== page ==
Ever since his success in 1986 with Top Gun, Tony Scott has specialised almost exclusively in big, noisy, high-concept entertainments such as Déjà Vu and Man On Fire. Unstoppable sees the director once again reunited with his leading man of choice, Denzel Washington, for a bombastic disaster thriller about a runaway train.
Being a Tony Scott film, this isn’t just any runaway train, but a half-mile long freighter filled with deadly chemicals. Or, as one character sensationally puts it, “A MISSILE THE SIZE OF THE CHRYSLER BUILDING!”
Based loosely on a real incident that occurred in 2001, Unstoppable relocates the setting to Southern Pennsylvania and kicks up the action a few notches, adding extra perils (creatures in harm’s way include a badger and a horse), arguments and gratuitous scenes of macho heroism.
Before all that, we’re introduced to the cast. Chris Pine plays young rookie train driver Will Colson, while Washington is a seasoned railroad professional called Frank Barnes. Rosario Dawson is Connie, the voice of reason in the control room, and Kevin Dunn plays a corporate villain who cares more about more about protecting his expensive train than the town it’s about to obliterate.
Due to a mixture of negligence and bad luck, what begins as a freighter coasting out of control quickly becomes a high-speed train on the rampage, and after several abortive attempts to bring it back under control go awry, it’s left to blue-collar heroes Barnes and Colson to wrestle the beast to a halt.
Scott, along with cinematographer Ben Seresin, capture the grit and grime of working life on a train successfully, and there are moments where the weight and grinding power of these huge machines really hits home.
It’s in moments of conversation where Unstoppable really falters. At no point does Scott’s camera keep still, and even incidental scenes – someone talking on a phone, or Ethan Suplee eating a pie – are captured with the same epic, sweeping shots. It’s as though Unstoppable’s makers were terrified of its audience losing interest, and the result is distracting in the extreme.
Mark Bomback’s leaden script doesn’t help, either. It feels the need to explain all events in mind-numbing detail, either through lengthy exposition from resident experts, or via computer graphics helpfully provided by Fox News reporters.
And when Dawson’s character is told that the train’s somehow slipped out of control, her response is, enigmatically, “It’s a train, Dewey, not a chipmunk”.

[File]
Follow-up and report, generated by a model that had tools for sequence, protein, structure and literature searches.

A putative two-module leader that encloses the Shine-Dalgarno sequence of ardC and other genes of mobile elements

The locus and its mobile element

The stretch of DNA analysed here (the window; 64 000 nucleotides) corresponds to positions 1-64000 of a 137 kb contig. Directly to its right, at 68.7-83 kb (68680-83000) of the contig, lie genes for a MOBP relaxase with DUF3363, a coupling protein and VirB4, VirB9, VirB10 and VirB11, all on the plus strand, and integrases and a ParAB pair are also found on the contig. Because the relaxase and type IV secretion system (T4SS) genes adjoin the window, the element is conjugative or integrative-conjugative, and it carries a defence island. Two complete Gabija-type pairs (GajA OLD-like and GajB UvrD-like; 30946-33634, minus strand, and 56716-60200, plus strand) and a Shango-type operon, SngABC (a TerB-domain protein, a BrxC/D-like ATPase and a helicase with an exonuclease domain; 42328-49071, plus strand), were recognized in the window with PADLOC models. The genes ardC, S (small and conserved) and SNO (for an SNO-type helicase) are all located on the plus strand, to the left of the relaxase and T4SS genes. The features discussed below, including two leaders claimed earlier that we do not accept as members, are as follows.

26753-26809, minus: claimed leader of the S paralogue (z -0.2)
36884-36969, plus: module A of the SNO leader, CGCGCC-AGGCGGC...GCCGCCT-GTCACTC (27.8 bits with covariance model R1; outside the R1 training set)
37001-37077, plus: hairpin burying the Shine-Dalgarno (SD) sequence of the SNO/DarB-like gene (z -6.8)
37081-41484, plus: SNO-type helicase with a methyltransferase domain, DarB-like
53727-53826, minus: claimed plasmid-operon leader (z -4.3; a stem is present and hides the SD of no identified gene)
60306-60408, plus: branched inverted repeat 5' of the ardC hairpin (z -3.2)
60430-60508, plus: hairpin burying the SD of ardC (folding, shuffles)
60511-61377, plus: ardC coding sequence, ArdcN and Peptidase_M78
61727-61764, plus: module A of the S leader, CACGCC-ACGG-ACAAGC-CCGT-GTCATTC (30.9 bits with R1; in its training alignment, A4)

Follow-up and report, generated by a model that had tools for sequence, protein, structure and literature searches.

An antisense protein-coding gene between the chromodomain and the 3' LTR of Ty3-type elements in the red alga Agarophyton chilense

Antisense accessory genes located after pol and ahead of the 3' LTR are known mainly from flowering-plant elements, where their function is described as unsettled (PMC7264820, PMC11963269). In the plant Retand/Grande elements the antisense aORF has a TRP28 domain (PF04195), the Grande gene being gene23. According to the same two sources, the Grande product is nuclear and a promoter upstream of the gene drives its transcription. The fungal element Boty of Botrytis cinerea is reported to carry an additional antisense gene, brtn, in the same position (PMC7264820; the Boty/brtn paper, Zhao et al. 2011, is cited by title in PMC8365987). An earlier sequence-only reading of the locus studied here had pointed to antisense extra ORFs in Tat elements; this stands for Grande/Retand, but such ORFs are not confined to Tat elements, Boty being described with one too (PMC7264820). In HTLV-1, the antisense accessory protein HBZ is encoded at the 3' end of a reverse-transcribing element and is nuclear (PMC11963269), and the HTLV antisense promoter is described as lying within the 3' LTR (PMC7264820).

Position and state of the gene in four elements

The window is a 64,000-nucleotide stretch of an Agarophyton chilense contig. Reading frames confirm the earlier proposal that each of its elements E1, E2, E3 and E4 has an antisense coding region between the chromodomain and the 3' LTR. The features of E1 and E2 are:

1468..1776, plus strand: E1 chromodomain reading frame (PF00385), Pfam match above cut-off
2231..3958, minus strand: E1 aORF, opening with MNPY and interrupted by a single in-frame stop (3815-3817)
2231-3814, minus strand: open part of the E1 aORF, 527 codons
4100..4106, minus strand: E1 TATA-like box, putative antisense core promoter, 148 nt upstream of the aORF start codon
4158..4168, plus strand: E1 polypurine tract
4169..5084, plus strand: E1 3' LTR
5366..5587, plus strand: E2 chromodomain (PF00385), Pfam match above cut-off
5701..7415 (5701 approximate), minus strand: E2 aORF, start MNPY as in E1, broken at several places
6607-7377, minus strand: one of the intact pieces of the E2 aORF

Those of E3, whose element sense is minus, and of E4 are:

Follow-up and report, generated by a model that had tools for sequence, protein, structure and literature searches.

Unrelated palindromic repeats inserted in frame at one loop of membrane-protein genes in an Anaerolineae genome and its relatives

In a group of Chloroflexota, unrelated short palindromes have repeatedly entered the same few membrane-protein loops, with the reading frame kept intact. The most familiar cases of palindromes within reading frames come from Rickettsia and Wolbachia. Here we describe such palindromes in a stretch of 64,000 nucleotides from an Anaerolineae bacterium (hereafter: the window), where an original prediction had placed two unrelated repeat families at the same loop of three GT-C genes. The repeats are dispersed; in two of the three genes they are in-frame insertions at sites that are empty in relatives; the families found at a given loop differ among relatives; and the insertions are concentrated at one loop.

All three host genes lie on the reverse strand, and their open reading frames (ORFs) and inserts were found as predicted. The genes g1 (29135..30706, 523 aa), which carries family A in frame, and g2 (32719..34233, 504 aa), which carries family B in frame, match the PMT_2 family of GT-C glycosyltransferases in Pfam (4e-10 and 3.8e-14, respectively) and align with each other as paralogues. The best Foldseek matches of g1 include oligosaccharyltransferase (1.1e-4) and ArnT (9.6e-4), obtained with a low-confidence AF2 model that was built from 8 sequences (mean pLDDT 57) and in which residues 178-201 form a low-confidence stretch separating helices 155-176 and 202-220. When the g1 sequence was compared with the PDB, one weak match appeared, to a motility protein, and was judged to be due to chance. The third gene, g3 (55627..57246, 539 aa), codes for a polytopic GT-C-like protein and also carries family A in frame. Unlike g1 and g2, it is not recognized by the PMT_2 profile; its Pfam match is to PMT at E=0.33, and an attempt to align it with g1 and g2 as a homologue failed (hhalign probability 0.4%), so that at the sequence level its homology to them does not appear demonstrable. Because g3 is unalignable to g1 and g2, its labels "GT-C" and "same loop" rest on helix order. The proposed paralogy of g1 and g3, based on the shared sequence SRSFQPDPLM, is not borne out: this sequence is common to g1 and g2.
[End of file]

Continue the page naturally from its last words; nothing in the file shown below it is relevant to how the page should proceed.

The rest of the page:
Unstoppable is shot, scripted and acted with a heightened sense of melodrama that often borders on the surreal. Ethan Suplee is marked out early on as the incompetent, gluttonous fool who lets the train off the leash (and to ram the point home, his face is later shown plastered all over Fox News with the words “Negligent clot” or similar emblazoned beneath), and we can tell Kevin Dunn is evil because he wears a suit and shouts a lot.
Denzel Washington’s Frank, by contrast, is unfailingly virtuous and wise. He can gauge the sum length of 25 train carriages at a glance, and his predictions on other rail-related matters are never, ever wrong. One of Unstoppable’s most common phrases is, in fact, “Frank’s right,” which would probably serve as a better name for the film.
Admittedly, there are moments where Unstoppable is genuinely gripping. The $100 million budget manifests itself in some spectacular practical stunts that a more financially austere film would have probably tackled with CGI, which I won’t spoil by describing here.
But Unstoppable slips far too easily into Hollywood thriller cliché to really satisfy. Its salt of the earth heroes all have woman troubles, wayward daughters or a few days until retirement, and there’s a potentially suicidal plan that might just work.
As a piece of multiplex entertainment, Unstoppable is enjoyable enough, but for both Tony Scott and Denzel Washington, it’s familiar, unchallenging territory.
For your humble reviewer, Unstoppable’s most wonderful, engaging moment occurred approximately one hour in. As the runaway train comes hurtling towards the camera from the middle distance, a badger bravely hops across the tracks. It could have been a stunt badger, ushered out by an unseen crew member hiding in the undergrowth, I suppose, but I like to think it was a wonderful moment of serendipity captured on camera by accident.
In a film that tries to hard to thrill the audience with lots of shouting, hyperactive camerawork and noise, it was, ironically, this single flash of incidental joy that had me on my feet, cheering.
Go, Unstoppable badger!
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